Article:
Google announced gRPC back in February and everyone was excited about it. It is a RPC framework using new ProtocolBuffer3 based on HTTP/2 as transport. Because it is RPC framework, user should look into its API and ProtocolBuffer basics. But as HTTP/2 implementor, we are interested in how HTTP/2 is used under the hood. So we decided to proxy the communication between gRPC client and server with nghttpx proxy server and see what’s going on in transport level.
We used C++ client and server pulled from
grpc-common. Build everything
as instructed in README. We made one modification to the
greeter_client.cc to change remote port number to 3000 to connect to
nghttpx proxy. We used nghttpx
The configuration was like this:
1 2 3 4 5 6
Then we observed the traffic between greeter_client and greeter_server.
greeter_client sent the following request header fields:
1 2 3 4 5 6
This is the usual HTTP/2 request, but one thing to note is
RFC 7230, section 4.3.:
The “TE” header field in a request indicates what transfer codings, besides chunked, the client is willing to accept in response, and whether or not the client is willing to accept trailer fields in a chunked transfer coding.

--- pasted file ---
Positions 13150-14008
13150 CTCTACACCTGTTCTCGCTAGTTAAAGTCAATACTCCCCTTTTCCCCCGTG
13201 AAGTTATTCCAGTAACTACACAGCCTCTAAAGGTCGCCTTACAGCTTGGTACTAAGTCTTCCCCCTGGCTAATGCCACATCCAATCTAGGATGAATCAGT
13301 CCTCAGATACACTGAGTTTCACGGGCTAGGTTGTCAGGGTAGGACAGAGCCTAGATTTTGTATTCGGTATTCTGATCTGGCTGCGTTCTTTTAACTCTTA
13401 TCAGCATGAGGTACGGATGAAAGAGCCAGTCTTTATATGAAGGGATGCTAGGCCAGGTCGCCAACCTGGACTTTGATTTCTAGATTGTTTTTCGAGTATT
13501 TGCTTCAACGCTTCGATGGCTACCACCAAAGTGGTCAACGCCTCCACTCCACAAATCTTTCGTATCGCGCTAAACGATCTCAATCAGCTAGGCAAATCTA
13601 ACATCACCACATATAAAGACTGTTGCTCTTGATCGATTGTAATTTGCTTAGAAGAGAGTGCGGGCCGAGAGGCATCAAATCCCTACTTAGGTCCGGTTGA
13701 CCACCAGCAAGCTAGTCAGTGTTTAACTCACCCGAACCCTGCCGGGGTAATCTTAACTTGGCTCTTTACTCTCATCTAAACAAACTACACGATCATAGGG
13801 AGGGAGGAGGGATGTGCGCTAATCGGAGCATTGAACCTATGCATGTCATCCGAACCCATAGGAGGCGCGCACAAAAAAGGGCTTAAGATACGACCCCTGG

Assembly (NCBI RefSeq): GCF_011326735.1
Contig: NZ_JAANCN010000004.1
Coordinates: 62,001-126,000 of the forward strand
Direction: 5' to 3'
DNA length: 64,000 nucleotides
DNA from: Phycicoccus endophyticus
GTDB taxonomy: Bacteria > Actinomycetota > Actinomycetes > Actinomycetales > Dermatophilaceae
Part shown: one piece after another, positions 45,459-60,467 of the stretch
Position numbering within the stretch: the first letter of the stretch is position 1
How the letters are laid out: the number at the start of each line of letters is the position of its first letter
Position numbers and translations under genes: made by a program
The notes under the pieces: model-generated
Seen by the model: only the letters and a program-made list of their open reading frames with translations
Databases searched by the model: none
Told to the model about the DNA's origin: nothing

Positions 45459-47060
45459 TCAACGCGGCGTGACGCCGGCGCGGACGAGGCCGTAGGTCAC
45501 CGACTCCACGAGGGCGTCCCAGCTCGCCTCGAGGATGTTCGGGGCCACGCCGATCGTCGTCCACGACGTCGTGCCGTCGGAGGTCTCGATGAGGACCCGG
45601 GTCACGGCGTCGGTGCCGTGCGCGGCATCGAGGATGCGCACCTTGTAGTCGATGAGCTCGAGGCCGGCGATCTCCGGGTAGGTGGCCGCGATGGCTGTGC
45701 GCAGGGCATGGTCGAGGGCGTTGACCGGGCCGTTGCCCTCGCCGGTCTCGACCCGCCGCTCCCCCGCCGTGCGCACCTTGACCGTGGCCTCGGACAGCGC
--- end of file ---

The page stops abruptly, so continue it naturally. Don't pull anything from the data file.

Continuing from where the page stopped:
HTTP/2 disallows transfer-encoding stuff, but it only allows “trailers” in “TE” header field:
The presence of the keyword “trailers” indicates that the client is willing to accept trailer fields in a chunked transfer coding, as defined in Section 4.1.2, on behalf of itself and any downstream clients.
So in HTTP/1.1, trailer fields are only allowed in chunked transfer encoding. In HTTP/2, chunked transfer encoding is deprecated because it has more elegant framing and thanks to it, trailer fields are always allowed.
gRPC does not work without “TE” header field.
The request body was like this (in hexdump):
This would be data serialized by ProtocolBuffer. We don’t go down the detail in ProtocolBuffer here.
nghttpx forwarded this requests to greeter_server with additional header fields, like “Via” header field.
Upon receiving request, greeter_server processed the request and responded with the following response header fields:
Well, that’t the most simple HTTP/2 response, followed by response body (again, in hexdump):
1 2 3
Then server sent trailer fields:
nghttpx forwarded this reponse to the greeter_client and it shows the result to the console:
So in tranport wise, gRPC uses POST request and response uses trailer fields. This means that we can proxies the gRPC traffic using HTTP/1.1 path as well, since we can forward it in chunked transfer encoding. This just comes from our curiosity and we have no idea this is useful in practice. But this shows the great effort we put in HTTP/2 to interoperate with existing HTTP/1.1 infrastructure.
To prove this, we added another nghttpx to set up HTTP/1.1 path:
1 2 3 4 5 6
And this works! nghttpx forwarded gRPC request in HTTP/1.1 chunked transfer-encoding:
1 2 3 4 5 6 7
In response chain, nghttpx forwarded response header to nghttpx:
1 2 3 4
… with trailer fields appended after the last chunk.